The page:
Much has changed over the past 20 years or so. Insurers are transitioning from monolithic mainframe-based applications to distributed computing platforms. Additionally, today’s SaaS-based core application suites are available from a multitude of solution providers. With all these changes there is one constant: the time and cost required to add new business functionality to an existing application in production.
Insurance core systems such as claims, underwriting, policy, billing, rating, and agency management systems are all very complex applications. Many of these core systems have been developed specifically for segments of the insurance industry adding another layer of complexity. Internal IT organizations along with software vendors have adopted complex application infrastructures to deliver these applications that are expensive to develop and modify.
In a previous article, I outlined how microservices provide a more cost-effective way to address the bigger picture. By breaking down an application into small pieces that fit together, it becomes easier for the organization to build, maintain and support business applications. Microservices can help insurers save time, effort and cost in the long term.
For this article, my focus is on three long-term cost benefits that should be considered when addressing the bigger picture.
With the exception of running a sizable monolithic application on a mainframe, most large on-premise legacy systems are made up of several internal applications with some linking to external data sources. Upgrading just one of these on-premise legacy applications can be expensive and time-consuming, especially during the testing stage. Consider the time and effort involved to evaluate how an upgrade or enhancement to this one legacy application may affect other internal applications. This is when an upgrade becomes more time and labor intensive.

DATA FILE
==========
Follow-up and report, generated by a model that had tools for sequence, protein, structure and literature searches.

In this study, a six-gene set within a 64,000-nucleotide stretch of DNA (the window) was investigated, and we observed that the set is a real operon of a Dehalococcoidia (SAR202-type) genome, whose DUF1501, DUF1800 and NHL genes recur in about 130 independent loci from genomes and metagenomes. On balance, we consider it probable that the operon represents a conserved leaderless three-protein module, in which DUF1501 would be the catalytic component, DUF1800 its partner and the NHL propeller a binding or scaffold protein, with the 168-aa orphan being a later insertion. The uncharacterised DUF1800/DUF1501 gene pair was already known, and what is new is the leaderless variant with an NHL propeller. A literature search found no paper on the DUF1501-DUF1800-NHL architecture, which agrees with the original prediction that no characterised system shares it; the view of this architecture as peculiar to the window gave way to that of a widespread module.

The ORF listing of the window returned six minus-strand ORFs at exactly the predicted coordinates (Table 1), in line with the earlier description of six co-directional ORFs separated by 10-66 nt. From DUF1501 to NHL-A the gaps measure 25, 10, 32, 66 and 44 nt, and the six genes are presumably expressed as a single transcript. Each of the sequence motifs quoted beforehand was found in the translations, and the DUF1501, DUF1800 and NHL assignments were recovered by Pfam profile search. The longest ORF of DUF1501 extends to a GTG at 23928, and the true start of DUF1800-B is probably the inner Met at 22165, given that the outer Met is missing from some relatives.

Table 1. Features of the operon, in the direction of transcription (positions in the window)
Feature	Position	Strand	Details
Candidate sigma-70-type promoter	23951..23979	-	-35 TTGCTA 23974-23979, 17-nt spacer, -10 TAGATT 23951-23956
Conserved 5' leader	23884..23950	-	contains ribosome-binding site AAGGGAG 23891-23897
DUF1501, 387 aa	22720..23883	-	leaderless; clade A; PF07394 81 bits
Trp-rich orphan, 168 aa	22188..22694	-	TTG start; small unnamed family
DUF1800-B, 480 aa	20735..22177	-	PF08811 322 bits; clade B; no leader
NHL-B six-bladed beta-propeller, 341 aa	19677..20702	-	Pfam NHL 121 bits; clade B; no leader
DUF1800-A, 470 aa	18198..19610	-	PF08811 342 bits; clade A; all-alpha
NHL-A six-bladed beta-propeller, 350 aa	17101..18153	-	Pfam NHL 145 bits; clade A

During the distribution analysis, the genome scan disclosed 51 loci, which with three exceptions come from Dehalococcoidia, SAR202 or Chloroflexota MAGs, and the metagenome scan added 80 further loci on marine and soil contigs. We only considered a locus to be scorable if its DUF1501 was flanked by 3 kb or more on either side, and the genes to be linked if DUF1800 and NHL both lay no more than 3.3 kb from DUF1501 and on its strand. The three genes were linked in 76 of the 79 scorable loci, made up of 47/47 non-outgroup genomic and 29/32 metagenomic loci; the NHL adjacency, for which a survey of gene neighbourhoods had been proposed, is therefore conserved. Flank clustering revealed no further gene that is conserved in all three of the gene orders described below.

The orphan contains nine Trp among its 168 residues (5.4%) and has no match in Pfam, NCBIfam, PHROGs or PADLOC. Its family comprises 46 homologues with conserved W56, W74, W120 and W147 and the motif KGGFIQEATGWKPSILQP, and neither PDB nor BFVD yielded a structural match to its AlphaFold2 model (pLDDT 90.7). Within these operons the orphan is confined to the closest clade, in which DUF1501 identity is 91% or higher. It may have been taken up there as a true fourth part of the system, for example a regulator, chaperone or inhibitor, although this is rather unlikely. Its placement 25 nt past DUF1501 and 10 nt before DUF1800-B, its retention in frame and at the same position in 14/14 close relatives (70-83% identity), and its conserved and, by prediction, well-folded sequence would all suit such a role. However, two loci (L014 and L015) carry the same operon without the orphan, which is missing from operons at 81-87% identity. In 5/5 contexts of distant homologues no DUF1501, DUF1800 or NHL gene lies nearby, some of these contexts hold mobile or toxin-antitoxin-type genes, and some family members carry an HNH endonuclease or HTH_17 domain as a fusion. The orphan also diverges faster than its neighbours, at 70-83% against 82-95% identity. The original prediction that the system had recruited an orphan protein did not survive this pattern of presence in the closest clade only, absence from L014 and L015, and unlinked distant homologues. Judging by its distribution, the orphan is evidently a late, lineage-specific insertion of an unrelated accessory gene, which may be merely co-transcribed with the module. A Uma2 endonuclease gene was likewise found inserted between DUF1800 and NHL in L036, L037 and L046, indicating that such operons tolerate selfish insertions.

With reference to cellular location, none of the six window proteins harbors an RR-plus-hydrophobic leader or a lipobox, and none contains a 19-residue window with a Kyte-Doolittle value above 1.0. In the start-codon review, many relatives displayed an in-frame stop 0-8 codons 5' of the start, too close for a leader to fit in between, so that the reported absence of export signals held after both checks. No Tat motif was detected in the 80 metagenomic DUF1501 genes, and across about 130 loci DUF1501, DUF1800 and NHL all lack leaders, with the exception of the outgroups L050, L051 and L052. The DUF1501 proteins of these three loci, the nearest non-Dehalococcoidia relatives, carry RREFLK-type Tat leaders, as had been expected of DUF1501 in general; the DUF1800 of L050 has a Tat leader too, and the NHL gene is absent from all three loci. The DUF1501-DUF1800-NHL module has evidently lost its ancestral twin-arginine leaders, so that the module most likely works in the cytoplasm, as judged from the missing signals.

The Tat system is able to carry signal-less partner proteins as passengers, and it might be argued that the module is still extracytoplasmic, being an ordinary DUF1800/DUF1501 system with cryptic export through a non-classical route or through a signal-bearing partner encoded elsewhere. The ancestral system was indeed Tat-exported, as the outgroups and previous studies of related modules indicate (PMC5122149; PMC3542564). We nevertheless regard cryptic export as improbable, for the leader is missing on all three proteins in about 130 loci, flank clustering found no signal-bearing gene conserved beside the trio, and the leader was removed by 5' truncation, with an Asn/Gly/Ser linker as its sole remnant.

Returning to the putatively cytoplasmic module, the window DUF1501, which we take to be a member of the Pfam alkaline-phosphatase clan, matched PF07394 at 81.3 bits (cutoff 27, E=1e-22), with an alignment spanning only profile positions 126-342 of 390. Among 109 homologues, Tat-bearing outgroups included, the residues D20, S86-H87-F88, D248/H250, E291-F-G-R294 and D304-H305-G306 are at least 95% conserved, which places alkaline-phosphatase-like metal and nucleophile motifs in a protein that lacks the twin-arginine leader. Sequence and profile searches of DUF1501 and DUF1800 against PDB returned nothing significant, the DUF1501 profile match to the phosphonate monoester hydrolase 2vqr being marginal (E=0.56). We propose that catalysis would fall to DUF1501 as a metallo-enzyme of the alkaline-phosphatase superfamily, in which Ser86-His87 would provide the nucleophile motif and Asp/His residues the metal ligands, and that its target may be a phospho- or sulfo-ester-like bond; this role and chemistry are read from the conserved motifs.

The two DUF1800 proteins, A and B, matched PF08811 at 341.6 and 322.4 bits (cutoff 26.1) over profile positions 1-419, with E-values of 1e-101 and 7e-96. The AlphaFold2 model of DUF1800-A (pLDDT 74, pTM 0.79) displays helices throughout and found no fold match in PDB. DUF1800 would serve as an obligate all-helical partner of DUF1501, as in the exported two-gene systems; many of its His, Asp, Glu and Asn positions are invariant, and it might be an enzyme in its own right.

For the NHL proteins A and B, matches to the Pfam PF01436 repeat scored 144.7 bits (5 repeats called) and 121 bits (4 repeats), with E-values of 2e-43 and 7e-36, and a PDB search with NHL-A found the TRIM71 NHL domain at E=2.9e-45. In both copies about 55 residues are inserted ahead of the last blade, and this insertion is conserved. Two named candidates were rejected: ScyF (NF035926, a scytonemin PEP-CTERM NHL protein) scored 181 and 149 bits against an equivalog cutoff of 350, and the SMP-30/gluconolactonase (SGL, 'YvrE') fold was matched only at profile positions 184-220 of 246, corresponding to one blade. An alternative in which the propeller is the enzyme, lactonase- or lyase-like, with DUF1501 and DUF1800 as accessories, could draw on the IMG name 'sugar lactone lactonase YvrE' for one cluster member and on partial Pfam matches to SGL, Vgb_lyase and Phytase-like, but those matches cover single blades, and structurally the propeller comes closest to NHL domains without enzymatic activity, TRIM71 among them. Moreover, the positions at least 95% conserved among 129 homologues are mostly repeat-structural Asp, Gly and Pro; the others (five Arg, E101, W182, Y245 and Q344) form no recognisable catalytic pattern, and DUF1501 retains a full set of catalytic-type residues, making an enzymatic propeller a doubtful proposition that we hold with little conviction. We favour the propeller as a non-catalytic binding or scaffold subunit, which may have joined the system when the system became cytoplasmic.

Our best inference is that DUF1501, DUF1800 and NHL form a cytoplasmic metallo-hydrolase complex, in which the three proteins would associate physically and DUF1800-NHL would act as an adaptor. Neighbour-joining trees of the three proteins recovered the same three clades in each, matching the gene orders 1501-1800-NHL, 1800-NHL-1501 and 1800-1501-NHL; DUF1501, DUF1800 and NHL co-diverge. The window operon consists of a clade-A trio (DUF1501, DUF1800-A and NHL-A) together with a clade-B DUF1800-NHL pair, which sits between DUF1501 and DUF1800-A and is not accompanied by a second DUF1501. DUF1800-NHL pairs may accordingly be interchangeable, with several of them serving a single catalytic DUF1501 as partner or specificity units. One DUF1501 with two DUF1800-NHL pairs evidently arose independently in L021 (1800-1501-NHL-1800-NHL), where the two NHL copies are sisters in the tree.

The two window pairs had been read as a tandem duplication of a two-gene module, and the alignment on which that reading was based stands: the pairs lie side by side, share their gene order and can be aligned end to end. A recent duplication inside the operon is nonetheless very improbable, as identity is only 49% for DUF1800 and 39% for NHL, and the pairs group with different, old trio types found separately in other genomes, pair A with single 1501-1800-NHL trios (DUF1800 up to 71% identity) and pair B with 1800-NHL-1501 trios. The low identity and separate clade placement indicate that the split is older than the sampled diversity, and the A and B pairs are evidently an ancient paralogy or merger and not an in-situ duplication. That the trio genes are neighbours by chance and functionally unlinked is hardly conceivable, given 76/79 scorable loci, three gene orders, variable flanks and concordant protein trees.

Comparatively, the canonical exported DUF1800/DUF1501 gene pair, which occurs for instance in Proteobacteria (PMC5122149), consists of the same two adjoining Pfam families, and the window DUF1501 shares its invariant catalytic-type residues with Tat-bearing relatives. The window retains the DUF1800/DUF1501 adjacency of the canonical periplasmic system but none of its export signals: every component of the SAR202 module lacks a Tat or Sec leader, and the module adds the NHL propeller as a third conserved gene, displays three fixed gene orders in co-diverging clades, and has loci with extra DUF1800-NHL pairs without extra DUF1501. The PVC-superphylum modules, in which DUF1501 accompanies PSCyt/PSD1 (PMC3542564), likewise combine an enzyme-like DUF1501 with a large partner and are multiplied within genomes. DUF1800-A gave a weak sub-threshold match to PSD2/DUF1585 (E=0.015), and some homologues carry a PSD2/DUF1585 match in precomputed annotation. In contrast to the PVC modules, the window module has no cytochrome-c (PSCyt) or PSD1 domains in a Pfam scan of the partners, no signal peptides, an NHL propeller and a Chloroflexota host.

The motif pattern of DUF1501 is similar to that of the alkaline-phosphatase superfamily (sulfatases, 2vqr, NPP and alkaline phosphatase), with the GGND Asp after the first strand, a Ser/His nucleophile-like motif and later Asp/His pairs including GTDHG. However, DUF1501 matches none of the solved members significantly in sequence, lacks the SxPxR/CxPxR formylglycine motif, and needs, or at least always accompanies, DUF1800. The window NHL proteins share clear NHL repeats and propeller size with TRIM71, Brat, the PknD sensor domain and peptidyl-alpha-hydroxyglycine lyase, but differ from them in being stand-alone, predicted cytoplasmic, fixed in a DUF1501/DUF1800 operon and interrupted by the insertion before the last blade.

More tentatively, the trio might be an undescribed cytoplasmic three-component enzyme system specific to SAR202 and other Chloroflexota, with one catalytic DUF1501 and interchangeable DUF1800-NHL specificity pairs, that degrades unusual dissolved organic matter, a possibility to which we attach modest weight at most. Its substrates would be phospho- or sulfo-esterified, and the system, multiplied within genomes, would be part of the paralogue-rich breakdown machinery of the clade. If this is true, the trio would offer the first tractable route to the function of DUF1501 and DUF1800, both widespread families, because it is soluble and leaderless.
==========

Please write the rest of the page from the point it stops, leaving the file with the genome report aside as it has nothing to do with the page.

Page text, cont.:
By swapping out microservices rather than upgrading entire claims or underwriting applications, for example, upgrades and testing can be performed faster with less risk, IT and business resources. Functionality upgrades or changes for a specific application can be prioritized to deliver critical functionality sooner than later.
Upgrading to a new release of a 3rd party application can be very expensive. Although the cost of version upgrades may be included in the annual support fee, many times major version upgrades, from version 1.x to 2.0, for example, may require an upgrade of the underlying technology such as the database, application infrastructure, and even operating system.
Now that cloud-based microservices are commonplace in the industry, organizations can develop new applications and business functionality while realizing the benefits of the cloud.
LOB owners face a common challenge when new functionality is required to enter a new market or accommodate a recently acquired book of business. Regardless if an internally developed or vendor supplied platform is used, the time to add the new application functionality is typically measured in months rather than days or weeks. By default, this creates a disadvantage for the LOB owner in terms of gaining market share by being among the first to enter a new market.
To add new functionality or modify an existing feature within a microservices architecture, you are not required to redesign your entire application. With microservices, you are developing smaller, independent applications that are tested and deployed independently allowing you to deploy new applications faster and get to market faster.
There are both direct and indirect cost saving associated with adopting and deploying a microservices architecture. Direct cost savings come in the form of requiring less development and testing resources for upgrading to a major release of a vendor-supplied application, along with the associated support costs.
Indirect cost savings come in the form of time to market. Ask yourself, what does it cost your company in terms of lost market opportunity by not being one of the first to market with a new product?